The best advice is to speak with someone who can evaluate the rest of your application and provide you with a non-biased opinion as to your competitiveness. I know sitting for the SAT (or ACT) is not a joy (we have done it), so please be assured that we only recommend taking the test again if we think it is truly beneficial or necessary.
Now that you have your scores, you can take that deep, holistic view of your candidacy. One thing to keep in mind is that most applicants to selective colleges clear the same academic hurdles you’re facing.
So you need to make especially sure your intangibles section – the “wow” factors, your college admission essays, letters of recommendation, activity statement and possibly even optional essays – all reflect who you are and where you want to go.
The college admission process is more than just a “who has the best numbers” system; it’s a chance for you to stand out in the crowd and show the admissions committee you have something long-lasting to offer the school.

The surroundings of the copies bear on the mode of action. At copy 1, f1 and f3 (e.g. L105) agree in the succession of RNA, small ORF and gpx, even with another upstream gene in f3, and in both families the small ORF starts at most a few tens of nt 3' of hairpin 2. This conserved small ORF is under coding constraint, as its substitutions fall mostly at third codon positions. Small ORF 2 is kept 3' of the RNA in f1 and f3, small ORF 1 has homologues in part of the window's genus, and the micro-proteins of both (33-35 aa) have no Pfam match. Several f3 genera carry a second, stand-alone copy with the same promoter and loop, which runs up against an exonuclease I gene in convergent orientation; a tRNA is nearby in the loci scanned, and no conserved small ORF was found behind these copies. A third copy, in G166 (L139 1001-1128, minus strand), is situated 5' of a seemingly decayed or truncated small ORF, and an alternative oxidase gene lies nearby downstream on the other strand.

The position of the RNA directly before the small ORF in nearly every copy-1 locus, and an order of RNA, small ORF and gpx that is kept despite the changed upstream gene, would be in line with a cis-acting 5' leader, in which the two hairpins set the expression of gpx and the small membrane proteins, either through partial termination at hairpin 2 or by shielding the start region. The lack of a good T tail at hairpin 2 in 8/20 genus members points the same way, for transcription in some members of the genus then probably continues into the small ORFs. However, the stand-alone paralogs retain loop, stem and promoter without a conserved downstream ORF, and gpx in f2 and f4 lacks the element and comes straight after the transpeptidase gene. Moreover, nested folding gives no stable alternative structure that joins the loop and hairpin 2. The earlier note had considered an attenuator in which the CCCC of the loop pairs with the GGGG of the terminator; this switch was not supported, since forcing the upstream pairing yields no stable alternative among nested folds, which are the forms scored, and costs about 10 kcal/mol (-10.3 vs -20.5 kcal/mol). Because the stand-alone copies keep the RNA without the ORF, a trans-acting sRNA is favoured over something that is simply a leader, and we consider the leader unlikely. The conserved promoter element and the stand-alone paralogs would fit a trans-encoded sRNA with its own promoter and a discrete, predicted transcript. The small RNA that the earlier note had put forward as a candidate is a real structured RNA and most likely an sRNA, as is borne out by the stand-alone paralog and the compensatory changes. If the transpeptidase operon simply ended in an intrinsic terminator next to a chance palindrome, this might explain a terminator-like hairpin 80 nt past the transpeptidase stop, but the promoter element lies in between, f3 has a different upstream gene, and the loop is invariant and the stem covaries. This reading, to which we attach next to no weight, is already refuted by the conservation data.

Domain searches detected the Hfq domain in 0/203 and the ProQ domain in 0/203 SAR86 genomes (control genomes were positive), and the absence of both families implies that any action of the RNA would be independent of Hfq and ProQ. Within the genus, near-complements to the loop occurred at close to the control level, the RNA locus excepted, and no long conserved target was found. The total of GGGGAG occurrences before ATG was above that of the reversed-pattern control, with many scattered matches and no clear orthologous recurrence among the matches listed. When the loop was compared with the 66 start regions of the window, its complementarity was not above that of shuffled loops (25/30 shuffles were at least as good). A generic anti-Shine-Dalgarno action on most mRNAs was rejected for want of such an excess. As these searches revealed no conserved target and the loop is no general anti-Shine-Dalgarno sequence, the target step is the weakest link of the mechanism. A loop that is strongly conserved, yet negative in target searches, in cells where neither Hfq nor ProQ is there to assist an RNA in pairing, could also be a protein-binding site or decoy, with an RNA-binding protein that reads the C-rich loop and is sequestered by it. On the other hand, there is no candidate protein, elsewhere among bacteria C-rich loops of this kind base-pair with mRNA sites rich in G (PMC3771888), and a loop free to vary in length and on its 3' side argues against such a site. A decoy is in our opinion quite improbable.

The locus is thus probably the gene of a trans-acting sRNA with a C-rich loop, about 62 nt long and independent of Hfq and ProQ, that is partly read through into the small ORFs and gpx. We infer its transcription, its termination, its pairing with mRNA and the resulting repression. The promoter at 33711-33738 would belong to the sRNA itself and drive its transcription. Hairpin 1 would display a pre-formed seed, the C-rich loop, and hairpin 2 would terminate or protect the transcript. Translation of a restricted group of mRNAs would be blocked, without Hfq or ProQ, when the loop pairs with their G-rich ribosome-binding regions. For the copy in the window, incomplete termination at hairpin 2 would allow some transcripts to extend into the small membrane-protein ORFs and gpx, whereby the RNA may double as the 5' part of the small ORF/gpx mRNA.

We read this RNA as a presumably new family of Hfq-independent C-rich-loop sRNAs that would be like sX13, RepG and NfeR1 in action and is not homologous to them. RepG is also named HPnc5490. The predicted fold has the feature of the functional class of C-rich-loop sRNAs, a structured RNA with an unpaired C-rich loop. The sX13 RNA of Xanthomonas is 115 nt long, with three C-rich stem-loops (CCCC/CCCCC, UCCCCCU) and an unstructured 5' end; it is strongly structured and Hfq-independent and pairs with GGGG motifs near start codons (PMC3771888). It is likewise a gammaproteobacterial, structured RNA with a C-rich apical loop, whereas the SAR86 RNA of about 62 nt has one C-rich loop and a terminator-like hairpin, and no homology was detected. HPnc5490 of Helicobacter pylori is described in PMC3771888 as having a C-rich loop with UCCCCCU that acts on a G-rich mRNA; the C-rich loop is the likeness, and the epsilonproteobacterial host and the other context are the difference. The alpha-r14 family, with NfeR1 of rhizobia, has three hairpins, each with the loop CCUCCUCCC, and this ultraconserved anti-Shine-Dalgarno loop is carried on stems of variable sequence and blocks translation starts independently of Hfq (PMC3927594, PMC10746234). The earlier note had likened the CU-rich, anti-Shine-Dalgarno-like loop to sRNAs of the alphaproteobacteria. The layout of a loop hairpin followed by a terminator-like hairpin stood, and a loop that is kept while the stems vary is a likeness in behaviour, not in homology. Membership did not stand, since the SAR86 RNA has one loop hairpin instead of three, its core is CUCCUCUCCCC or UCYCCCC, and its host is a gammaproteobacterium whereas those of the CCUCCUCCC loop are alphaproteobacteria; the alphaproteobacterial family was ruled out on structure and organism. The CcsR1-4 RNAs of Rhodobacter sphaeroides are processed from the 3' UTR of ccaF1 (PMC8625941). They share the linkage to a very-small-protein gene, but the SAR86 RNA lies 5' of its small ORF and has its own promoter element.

Another step in the application process to consider is the ever-present question of money – and if you should apply for financial aid. But is it too early to start thinking about it? Typically, most applicants begin the financial aid application process in January or February. It’s difficult to begin earlier than that because you will want your tax information to complete the Free Application for Federal Student Aid (FAFSA), and the FAFSA is used to determine your eligibility for federal loans.
So is there any need to think about it at this point? Not necessarily. If you anticipate securing private loans (in addition to federal loans) to fund your education, I highly recommend obtaining a copy of the credit reports now. The sooner you receive those reports, the sooner any credit problems can be cleaned up.
Oftentimes, these reports contain inaccurate information, so getting one now will allow plenty of time to correct any mistakes. Be sure you have good credit prior to applying for a private loan.